Sunday, November 24, 2013

sUn-edited: Better Together

As part of some cruel joke I couldn't sleep as of 5 am. So I gave up around 5:45 and came downstairs to watch a movie or something. I remembered I had the televised version of Ironman on my DVR from last weekend so I settled in for some good old fashioned triathlon-inspired heartbreak.

My son woke up around 7; my daughter around 7:15 and they finished watching it with me. Then, while I wiped away my tears and gave up trying to explain the awesomeness we had just witnessed, we promptly switched to watching the Wild Kratts.

The whole scene just got me thinking about the Kratt brothers and the family members I saw helping each other through the race. I also really enjoyed Hines Ward's journey [especially entertaining watching him fall while trying to clip in and out of his bike] and noticed how close he became with his trainer. I thought about my half-iron journey, and how alone I was. I designed my own training plan, I signed up for all the races leading up to it alone and mostly raced them alone; I set out on practice rides at the wrong time of day and put in my swim miles at the oddest times possible. I knew, at least this summer, with my four-year-olds at home most of the time, I would never be able to conform to a tri club's schedule. And I didn't want to overwhelm my husband with a trainer, even an online coach, after the expense of my triathlon habit had reached its pinnacle. [I have yet to remind him how much I could use a wetsuit for Christmas...he'd start calculating possible 2014 race registrations into his schematics.] And then, in those last two miles of the 70.9, I looked at the wide expanse of field in front of me and could not have felt more isolated from the rest of the world.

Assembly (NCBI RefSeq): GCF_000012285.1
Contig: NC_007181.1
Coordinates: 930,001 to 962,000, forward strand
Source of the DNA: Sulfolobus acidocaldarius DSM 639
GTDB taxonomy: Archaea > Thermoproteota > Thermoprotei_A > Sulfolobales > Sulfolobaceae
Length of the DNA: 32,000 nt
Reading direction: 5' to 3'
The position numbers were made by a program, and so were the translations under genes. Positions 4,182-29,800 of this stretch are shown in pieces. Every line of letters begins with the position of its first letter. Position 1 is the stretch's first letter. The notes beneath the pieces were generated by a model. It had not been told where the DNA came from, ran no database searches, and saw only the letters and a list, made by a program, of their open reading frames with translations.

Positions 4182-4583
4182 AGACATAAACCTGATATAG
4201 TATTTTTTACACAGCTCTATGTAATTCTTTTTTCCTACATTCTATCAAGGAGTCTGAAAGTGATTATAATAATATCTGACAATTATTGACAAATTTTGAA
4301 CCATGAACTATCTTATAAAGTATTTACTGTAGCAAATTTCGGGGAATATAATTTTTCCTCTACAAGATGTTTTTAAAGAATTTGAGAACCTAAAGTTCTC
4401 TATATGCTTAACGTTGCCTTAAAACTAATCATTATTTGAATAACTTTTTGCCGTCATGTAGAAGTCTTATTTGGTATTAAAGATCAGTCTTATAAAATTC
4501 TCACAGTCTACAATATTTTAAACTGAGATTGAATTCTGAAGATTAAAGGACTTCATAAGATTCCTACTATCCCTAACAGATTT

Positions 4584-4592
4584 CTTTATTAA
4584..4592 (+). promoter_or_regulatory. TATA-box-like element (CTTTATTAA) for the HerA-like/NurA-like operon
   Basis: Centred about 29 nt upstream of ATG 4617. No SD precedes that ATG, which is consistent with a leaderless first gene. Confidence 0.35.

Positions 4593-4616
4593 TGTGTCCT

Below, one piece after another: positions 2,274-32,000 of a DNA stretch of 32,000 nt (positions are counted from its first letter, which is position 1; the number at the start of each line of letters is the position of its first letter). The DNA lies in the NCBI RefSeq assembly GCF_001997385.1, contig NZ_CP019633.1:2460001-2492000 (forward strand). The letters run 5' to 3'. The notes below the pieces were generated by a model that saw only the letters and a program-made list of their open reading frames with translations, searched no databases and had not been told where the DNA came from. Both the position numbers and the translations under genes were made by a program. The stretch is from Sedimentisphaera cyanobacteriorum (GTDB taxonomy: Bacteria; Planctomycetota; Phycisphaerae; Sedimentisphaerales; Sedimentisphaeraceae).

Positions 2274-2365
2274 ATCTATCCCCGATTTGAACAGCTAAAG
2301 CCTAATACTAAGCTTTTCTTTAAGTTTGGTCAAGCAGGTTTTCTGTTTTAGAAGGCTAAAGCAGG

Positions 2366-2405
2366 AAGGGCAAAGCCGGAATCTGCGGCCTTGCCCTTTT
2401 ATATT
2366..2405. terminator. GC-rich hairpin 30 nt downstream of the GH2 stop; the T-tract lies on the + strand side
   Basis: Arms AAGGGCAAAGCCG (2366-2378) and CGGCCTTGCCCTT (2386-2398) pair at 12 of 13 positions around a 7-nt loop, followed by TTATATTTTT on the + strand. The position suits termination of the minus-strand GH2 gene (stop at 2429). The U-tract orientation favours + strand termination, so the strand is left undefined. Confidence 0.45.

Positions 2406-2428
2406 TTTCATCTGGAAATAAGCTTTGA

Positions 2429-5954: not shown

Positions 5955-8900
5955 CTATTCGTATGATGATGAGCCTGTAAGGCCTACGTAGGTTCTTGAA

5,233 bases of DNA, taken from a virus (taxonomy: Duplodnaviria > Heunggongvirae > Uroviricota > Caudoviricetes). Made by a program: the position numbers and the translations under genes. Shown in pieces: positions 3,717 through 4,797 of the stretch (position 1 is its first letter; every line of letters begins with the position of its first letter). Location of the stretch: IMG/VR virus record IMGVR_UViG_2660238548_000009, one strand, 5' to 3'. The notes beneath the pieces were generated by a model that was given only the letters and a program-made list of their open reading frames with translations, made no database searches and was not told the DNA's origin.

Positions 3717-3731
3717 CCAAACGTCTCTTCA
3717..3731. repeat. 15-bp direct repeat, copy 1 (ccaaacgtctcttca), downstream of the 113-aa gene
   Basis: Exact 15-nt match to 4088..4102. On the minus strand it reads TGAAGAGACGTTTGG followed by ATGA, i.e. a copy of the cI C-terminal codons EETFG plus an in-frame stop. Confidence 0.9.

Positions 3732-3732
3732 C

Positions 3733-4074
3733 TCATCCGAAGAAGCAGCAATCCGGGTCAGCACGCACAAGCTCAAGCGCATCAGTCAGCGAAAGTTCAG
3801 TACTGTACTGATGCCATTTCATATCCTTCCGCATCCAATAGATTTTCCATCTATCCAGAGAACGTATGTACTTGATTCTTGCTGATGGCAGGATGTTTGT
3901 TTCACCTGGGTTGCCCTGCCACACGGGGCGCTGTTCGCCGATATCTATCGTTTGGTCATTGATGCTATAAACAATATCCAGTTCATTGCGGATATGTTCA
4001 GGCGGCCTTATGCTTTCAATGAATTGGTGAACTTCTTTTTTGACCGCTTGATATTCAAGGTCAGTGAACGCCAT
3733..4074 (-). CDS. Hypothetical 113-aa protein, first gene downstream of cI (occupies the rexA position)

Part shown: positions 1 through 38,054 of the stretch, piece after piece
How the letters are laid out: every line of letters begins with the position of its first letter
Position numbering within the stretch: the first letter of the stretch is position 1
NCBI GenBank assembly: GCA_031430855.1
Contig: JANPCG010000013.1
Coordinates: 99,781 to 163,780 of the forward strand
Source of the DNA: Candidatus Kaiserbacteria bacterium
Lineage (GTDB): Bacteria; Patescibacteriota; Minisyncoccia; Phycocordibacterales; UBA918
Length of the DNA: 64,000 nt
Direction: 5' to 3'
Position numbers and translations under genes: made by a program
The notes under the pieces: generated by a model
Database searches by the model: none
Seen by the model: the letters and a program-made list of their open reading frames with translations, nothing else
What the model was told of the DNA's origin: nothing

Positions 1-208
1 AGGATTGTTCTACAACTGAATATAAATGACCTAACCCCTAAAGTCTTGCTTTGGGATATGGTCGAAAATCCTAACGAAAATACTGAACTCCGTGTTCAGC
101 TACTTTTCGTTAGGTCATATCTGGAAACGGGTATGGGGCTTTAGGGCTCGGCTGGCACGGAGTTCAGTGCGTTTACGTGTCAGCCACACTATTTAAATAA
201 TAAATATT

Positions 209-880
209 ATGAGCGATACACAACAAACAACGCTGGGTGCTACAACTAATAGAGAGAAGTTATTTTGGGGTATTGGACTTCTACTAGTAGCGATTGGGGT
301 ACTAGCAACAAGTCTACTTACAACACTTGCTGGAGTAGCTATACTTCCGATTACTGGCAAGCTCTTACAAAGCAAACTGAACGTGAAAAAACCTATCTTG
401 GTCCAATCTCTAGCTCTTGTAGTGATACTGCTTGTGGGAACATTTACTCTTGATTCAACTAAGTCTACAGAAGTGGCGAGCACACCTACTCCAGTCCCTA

I did not like that feeling.

I think an independent spirit courses through my veins and most of my family's genetics.

It is very difficult for me to ask for help.

It is near impossible to do something for my mom. She is the worst patient ever.

And our family has its drama. That rebellious and stubborn Scotch-Irish-Choctaw-Sicilian heritage fights itself, sometimes within each person! Come to think of it, the Polish side of my family seems rather mellow comparatively.

But, at the moment, there is little togetherness. And even with my husband and I, we have always prided ourselves on a marriage of independence and mutual respect of each other's different desires and pursuits.

Watching the Ironman and the Kratt brothers...this silly combination makes me want to encourage my twyns to go forth into the world with a sense of that togetherness. I would think, if they grew up and decided to start a business together or something, that that would be an amazing show of our efforts as parents to get them to interact in the most constructive way possible. I'm always dumbfounded at siblings or twins who go to the same college. I think, "didn't you want to use this opportunity to get a little space? Aren't you your own person??"

But now I'm thinking, it could not be more positive.

I want my kids to see my husband and I barreling through life, tackling projects and achieving goals we have set for ourselves, but I want them to see that ultimately, we could not do anything without each other. That we are better together. That they, with or without families of their own, will always have a partner in crime, in business, in life.

And that is a very. good. thing.

Happy Sunday!
Is it a day of un-edited reflection for you as well? 
What are you thinking about?
Did you watch the Ironman on TV as well as online like this tri-geek? 

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